Will the sisters pull out of the fair? Unclear yet, but they keep on giving. See below Sat/21 for info on their annual Project Nunway fashion show to raise money for charity.

ALL THE WORLD’S A STAGE We’re about to be showered with Shakespeare—CalShake’s Macbeth starts Sat/21 and the San Francisco Shakespeare Festival’s As You Like It runs this weekend for free in McLaren Park, with the African American Shakespeare Company’s Othello starting October 12. But for those with a more contemporary, feminist bent (with some Shakespearean high stakes), you won’t want to miss the plethora of Caryl Churchill plays coming our way in the next year. The groundbreaking British dramatist is still producing works at 81, and we get four of them: ACT’s Top Girls (September 19–October 13), Custom Made Theatre Co.’s Cloud 9 (November 15–December 15), Shotgun Players’ Vinegar Tom (December 6 – January 5), and Magic Theatre’s Escaped Alone (April 14 – May 10). In fact, you can take in the bold breadth of Chuchill’s work here with the Caryl Churchill passport, which gets you all four plays for under $100. A steal.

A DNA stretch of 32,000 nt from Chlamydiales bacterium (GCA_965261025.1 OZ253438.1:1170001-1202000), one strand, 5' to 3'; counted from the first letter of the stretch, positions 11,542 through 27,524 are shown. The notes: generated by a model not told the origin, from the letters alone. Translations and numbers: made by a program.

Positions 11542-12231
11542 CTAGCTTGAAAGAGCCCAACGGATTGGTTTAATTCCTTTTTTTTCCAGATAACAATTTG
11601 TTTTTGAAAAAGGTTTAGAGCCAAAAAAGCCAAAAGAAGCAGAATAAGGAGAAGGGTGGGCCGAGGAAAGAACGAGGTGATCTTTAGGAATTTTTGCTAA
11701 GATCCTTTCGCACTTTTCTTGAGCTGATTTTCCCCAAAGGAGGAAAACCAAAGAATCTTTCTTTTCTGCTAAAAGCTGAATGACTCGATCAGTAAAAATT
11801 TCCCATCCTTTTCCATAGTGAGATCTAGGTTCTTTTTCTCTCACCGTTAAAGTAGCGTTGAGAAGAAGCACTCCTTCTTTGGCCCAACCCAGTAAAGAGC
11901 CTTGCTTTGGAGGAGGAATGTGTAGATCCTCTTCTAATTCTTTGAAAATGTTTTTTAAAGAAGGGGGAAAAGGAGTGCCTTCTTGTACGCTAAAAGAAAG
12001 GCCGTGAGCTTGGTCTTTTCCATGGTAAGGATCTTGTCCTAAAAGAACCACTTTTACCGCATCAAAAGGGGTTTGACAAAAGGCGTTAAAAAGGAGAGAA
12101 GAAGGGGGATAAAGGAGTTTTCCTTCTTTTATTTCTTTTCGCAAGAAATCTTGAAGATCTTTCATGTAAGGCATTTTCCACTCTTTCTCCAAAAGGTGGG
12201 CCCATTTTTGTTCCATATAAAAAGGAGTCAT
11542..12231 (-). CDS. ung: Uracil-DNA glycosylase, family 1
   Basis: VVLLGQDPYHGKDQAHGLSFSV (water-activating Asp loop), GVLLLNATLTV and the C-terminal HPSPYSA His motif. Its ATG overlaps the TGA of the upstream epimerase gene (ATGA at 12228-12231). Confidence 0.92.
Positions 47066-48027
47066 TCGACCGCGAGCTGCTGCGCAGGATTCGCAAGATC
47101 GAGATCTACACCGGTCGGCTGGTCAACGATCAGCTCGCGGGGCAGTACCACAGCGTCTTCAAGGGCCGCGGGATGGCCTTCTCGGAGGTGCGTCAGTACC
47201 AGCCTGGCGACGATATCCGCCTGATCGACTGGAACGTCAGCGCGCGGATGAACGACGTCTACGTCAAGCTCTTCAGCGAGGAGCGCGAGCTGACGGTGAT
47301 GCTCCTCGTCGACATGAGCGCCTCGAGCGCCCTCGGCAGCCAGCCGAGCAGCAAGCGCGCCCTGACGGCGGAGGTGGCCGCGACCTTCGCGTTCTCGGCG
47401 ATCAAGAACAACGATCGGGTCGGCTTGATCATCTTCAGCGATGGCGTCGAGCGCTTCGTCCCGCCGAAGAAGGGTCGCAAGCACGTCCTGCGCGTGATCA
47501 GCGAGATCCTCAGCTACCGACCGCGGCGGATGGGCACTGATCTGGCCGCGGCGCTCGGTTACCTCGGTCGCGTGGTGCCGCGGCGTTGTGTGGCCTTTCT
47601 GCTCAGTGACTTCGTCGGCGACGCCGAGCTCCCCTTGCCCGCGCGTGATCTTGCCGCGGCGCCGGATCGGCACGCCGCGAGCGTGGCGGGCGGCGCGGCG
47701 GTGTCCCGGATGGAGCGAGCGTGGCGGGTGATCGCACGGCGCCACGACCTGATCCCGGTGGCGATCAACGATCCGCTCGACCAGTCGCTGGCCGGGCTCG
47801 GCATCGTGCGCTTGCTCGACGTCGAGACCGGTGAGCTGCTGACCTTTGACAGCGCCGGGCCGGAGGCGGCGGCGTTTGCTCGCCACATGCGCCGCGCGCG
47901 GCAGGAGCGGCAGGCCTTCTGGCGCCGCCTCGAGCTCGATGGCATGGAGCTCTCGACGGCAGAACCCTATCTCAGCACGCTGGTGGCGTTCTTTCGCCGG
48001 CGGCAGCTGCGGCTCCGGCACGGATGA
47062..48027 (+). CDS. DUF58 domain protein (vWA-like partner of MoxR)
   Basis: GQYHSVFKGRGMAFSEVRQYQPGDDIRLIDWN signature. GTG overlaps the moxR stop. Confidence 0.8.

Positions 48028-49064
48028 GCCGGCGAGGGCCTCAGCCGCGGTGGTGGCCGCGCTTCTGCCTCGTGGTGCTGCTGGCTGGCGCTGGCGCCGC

Friends of the San Francisco Public Library Big Book Sale

WED/18-SUN/22 EVENT BIG BOOK SALE “Every year the Fort Mason Festival overflows with bargain shoppers at the Big Book Sale, an iconic San Francisco tradition. The sale opens to the public on Wednesday morning through Sunday. On Sunday, all items will be sold for just $1. All sections will be restocked daily with new and exciting finds; there will be no shortage of great titles. The multi-day event attracts over 10,000 book lovers from the Bay Area and beyond.” Fort Mason, SF. More info here